Hello World microservice example in Java composed of API Gateway, Service, and Lookup (Eureka)


In this post I’ll run through a very simple Hello World Microservice example (in Java) that covers the main parts of a web type Micro Service. This example composes of:

  • A REST Web Service
  • A Lookup / Discovery system ( I’ve used Eureka )
  • A type of API Gateway / Web Server

Just to be clear Microservices (or at least setting up a full working version of one with these elements) is somewhat complex. But I’ve tried to make it as simple as it can be. The classes have the minimal number of lines of code ( I’ve broken a few best practices to achieve this, so don’t shoot me! The aim is to demonstrate this in a simple way).

If you just want the code straight away grab it here:





I created 3 Spring Boot apps using Spring Initialzr , and imported them into Spring Tool Suite 4 (Eclipse with Spring handy stuff in). The names of the Spring Boot Apps are:

  • HelloEurekaLookupServer
  • HelloWebServerAPIGateway
  • HelloWorldService

I’ll go through each in some detail, but here is briefly the why behind them. The main components are as mentioned above.

  1. We want a Lookup / Discovery system to register our service with ( and allow it to be looked up by service name).
  2. We’re going to hide the service behind our public facing web server ( clients on the internet will know nothing about our web service, and will not be able to access it directly ). So even though we’re using it as a web server, it also has a API Gateway function. In fact we could easily change this to just be a API Gateway (and have other web servers / services talking to it to get our service).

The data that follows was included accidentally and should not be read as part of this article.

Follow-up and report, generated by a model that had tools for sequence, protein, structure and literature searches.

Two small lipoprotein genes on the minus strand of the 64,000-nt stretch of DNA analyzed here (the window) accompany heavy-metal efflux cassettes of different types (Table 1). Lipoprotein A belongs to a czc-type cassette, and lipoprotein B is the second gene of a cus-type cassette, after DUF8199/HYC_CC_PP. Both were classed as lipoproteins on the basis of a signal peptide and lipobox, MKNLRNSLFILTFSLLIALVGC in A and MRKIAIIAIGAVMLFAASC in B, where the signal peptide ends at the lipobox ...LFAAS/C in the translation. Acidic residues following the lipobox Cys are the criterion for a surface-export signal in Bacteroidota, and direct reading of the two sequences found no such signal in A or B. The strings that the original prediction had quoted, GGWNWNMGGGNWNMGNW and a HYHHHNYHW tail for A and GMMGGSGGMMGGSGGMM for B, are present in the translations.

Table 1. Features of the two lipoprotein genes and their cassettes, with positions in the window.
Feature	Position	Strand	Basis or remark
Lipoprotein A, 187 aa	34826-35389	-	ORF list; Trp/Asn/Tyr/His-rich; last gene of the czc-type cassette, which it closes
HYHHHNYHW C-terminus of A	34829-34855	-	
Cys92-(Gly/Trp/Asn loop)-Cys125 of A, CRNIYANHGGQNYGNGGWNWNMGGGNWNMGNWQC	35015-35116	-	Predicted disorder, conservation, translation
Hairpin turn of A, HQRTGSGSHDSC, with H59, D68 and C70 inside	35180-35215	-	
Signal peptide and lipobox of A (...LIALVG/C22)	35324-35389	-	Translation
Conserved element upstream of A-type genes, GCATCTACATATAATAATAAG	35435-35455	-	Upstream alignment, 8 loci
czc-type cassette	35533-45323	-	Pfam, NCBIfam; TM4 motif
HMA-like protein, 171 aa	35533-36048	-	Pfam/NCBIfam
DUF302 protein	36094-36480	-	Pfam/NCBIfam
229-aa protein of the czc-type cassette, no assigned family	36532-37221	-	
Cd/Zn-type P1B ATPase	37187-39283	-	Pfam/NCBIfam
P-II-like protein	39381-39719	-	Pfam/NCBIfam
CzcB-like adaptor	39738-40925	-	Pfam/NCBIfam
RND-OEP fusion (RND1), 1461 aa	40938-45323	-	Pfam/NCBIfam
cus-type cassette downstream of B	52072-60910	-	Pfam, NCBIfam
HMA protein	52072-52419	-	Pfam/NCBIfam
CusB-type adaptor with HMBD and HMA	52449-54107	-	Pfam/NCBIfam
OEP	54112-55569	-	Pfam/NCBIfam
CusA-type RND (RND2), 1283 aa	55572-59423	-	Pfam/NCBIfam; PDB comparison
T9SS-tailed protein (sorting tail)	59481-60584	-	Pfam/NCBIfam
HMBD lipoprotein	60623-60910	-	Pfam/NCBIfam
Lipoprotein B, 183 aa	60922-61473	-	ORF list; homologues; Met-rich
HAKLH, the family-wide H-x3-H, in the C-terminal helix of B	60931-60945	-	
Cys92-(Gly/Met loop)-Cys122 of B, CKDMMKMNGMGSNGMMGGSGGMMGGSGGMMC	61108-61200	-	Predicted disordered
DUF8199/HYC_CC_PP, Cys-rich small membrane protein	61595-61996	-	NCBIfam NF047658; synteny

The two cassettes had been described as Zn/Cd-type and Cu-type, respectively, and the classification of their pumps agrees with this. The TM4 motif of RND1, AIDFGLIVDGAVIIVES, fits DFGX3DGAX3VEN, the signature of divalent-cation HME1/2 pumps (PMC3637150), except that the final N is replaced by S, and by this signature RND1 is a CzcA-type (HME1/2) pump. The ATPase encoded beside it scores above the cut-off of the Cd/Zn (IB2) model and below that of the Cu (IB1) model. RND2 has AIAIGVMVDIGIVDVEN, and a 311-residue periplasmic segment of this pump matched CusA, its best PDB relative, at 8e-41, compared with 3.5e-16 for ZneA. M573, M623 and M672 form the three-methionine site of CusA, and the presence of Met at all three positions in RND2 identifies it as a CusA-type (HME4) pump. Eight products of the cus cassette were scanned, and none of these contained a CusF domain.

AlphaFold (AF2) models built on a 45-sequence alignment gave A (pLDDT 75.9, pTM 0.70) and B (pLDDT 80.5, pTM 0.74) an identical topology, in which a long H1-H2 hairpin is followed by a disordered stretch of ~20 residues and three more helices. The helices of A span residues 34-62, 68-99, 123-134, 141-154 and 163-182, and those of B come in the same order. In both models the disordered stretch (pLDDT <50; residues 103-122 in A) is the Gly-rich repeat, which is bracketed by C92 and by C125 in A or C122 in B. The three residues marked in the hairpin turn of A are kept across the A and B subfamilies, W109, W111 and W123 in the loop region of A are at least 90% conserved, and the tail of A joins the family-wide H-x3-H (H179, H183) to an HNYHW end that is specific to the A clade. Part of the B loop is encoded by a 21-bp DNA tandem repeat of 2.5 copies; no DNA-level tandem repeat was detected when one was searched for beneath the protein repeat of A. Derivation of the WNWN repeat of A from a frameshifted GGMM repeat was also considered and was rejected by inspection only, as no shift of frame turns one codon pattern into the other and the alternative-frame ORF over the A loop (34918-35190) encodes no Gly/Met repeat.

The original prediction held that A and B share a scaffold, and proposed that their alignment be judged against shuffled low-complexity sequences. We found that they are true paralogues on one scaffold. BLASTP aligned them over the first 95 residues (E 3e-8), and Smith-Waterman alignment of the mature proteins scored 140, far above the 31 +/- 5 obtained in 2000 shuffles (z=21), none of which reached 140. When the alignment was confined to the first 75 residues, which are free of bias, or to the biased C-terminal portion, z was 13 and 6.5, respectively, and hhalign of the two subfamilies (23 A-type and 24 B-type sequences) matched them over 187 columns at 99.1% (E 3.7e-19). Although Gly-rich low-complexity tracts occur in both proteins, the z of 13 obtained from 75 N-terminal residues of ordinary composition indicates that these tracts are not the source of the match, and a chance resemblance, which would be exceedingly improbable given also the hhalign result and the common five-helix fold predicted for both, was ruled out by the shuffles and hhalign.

I’ll go through the code below, but what happens first is the Service registers with the Eureka (discovery / look up system ).

Then in our case requests come in (from web browsers) such as Chrome to our web server (sort of API Gateway). The browser requests don’t know about our Service directly. The Web server (sort of API Gateway) looks up the service by name from Eureka, then hits the end point of the service to return the payload of the web service (i.e. JSON).


When creating the Spring Boot app for this, add the Eureka Server Dependancy, Spring Web and Spring Dev tools.

Grab the zip file and pull into your Development environment (I’m using Spring Tools Suite 4).

Then create this class ( note I added @EnableEurekaServer annotation ):

package com.example.HelloEurekaLookupServer;

import org.springframework.boot.SpringApplication;
import org.springframework.boot.autoconfigure.SpringBootApplication;
import org.springframework.cloud.netflix.eureka.server.EnableEurekaServer;

public class HelloEurekaLookupServerApplication {

	public static void main(String[] args) {
		SpringApplication.run(HelloEurekaLookupServerApplication.class, args);


Then add this to the application.properties file:




Then build and fire it up and right click run Spring Boot app (if using STS). I’m not going to cover building and running only very briefly. I’m assuming readers to be Java Developers.